The (cold) Process
Each bar of soap is created in small batches, from scratch, with a method called "cold process".
Cold process is the rawest form of soap making that involves no added heat. It is achieved by emulsifying oils and lye water until saponification is reached. Below, I will outline the process of my soap making!
1. The first step is to run my ingredients through a soap calculator. The type and percentage of oils used depends on the desired characteristics (creaminess, cleansing, hardness, etc.). The calculator takes into account the total amount of soap I want to make and calculates the amount of water, NaOH and oils I should use. For accuracy, I make all of my measurements in ounces.
2. Now I gear up in PPE and get the NaOH. NaOH is extremely caustic and should be handled carefully. I measure out the NaOH and water, then mix the NaOH into the water. This will cause a chemical reaction and the container will heat up considerably (literally steaming). The lye water must be at room temperature before mixing with oils. So while that's cooling, I melt my coconut oil and palm oil since they are solids at room temperature. This is the time I use to measure out the fragrance and bloom my mica colors in olive oil. When all my oils are liquid, I mix them in a bowl.
3. EMULSIFY! Here is where the proverbial magic happens. I carefully pour the cooled lye water into my oils and blend with a stick blender. This part takes a lot of patience and attention; a "sweet spot" needs to be achieved. Not mixing enough will leave the caustic lye water behind and mixing too much will harden the soap, making it impossible to pour into the mold. So I emulsify until I reach a light trace.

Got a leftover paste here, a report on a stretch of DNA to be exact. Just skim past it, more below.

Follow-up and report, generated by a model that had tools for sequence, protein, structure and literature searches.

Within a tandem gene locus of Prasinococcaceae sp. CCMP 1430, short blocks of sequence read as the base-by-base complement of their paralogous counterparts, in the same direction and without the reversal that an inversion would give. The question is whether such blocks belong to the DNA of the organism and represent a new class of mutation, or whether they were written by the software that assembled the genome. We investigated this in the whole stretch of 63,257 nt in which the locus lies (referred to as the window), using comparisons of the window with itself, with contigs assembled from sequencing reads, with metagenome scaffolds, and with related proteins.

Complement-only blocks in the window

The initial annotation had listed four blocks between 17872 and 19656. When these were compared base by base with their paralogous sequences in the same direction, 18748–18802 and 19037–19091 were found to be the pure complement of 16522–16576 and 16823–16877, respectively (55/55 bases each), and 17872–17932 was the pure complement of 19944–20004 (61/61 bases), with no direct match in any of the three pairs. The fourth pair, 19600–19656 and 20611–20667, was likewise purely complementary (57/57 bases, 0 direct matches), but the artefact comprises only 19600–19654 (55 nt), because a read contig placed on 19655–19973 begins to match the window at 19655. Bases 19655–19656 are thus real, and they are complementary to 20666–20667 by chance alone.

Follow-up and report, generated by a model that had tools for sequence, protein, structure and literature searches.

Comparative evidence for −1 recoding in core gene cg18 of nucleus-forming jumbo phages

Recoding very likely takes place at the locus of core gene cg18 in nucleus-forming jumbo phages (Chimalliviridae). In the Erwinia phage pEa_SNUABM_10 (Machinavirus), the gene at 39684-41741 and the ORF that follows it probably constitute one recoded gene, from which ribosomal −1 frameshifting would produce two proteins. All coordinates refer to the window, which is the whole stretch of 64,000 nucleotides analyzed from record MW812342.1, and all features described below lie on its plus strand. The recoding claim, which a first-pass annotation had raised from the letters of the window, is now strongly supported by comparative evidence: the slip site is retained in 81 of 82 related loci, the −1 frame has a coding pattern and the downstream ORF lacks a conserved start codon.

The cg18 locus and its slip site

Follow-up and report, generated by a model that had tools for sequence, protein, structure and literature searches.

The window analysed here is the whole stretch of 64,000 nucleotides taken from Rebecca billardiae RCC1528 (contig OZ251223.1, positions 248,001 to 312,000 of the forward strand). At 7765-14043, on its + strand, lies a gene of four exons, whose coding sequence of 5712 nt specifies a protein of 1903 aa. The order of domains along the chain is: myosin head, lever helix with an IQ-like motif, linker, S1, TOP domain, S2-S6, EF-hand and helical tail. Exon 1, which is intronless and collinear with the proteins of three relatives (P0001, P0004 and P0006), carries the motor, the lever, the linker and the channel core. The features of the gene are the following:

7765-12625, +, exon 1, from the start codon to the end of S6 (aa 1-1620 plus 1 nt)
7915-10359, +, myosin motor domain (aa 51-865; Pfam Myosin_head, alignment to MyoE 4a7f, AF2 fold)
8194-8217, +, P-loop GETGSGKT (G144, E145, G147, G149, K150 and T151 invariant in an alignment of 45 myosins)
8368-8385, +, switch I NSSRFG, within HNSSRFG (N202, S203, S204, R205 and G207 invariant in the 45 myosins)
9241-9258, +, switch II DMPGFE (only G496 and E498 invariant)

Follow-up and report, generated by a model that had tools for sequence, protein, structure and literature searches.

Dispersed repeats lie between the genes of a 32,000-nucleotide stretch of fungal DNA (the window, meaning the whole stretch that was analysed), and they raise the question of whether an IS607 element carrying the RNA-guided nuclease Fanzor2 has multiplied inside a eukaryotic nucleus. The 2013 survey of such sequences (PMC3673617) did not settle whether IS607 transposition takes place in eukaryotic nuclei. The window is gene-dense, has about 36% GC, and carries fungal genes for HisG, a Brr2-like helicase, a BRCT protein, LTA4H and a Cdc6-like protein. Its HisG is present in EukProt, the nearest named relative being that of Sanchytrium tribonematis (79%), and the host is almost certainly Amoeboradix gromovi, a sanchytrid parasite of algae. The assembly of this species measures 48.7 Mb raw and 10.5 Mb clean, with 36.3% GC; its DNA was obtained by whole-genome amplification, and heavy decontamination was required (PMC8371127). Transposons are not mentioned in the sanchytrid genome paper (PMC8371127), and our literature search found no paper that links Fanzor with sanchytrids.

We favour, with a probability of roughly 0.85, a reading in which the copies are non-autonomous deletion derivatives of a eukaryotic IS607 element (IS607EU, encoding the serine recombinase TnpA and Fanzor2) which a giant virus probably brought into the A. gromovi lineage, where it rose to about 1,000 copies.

4. I split the batter into separate containers depending on how many colors I'm using. It's important to work quickly so the batter doesn't harden up. I pour the colors in and mix with a spatula. Then the fragrance is added in equal parts to each container, and mixed by hand.
5. POUR TIME! Now is the fun part. I pour the colored, fragrant batter into the mold to start a design. Let the creativity happen from here....
6. After all the batter is poured, I spray the top of my poured loaf with rubbing alcohol to decrease the possibility of soda ash. Soda ash is not harmful; just not the most aesthetically pleasing. The soap is still liquid and must be covered from the air. I wrap my loaf in towels and leave it undisturbed for 24-48 hours. This time period allows the soap to "saponify" and harden.
7. CUT TIME! Okay so this is the other fun part. I carefully unmold the hardened soap and place it on my cut board. Ever bar is sliced from the loaf, one by one. The soap's done now right? Package it up and sell? NOPE!
8. CURE BABY CURE! I have a dedicated area for soap curing. Each bar of soap needs to cure for a minimum of 4 weeks! During this time, the bar will evaporate off excess water and level out its pH. I turn the bars after 2 weeks to ensure adequate air flow on all sides. Patience...... because 6 weeks from now, the bars ill be ready!
9. When my bars are fully cured, I bevel off the edges and smooth the sides by hand. This is just for aesthetics but it looks and feels awesome! Carefully shrink wrap the bars, ensuring that I don't melt my soap! Put my stickers on and it's finally done!
What a labor of love. No wonder the cold process method is the pinnacle of soap making!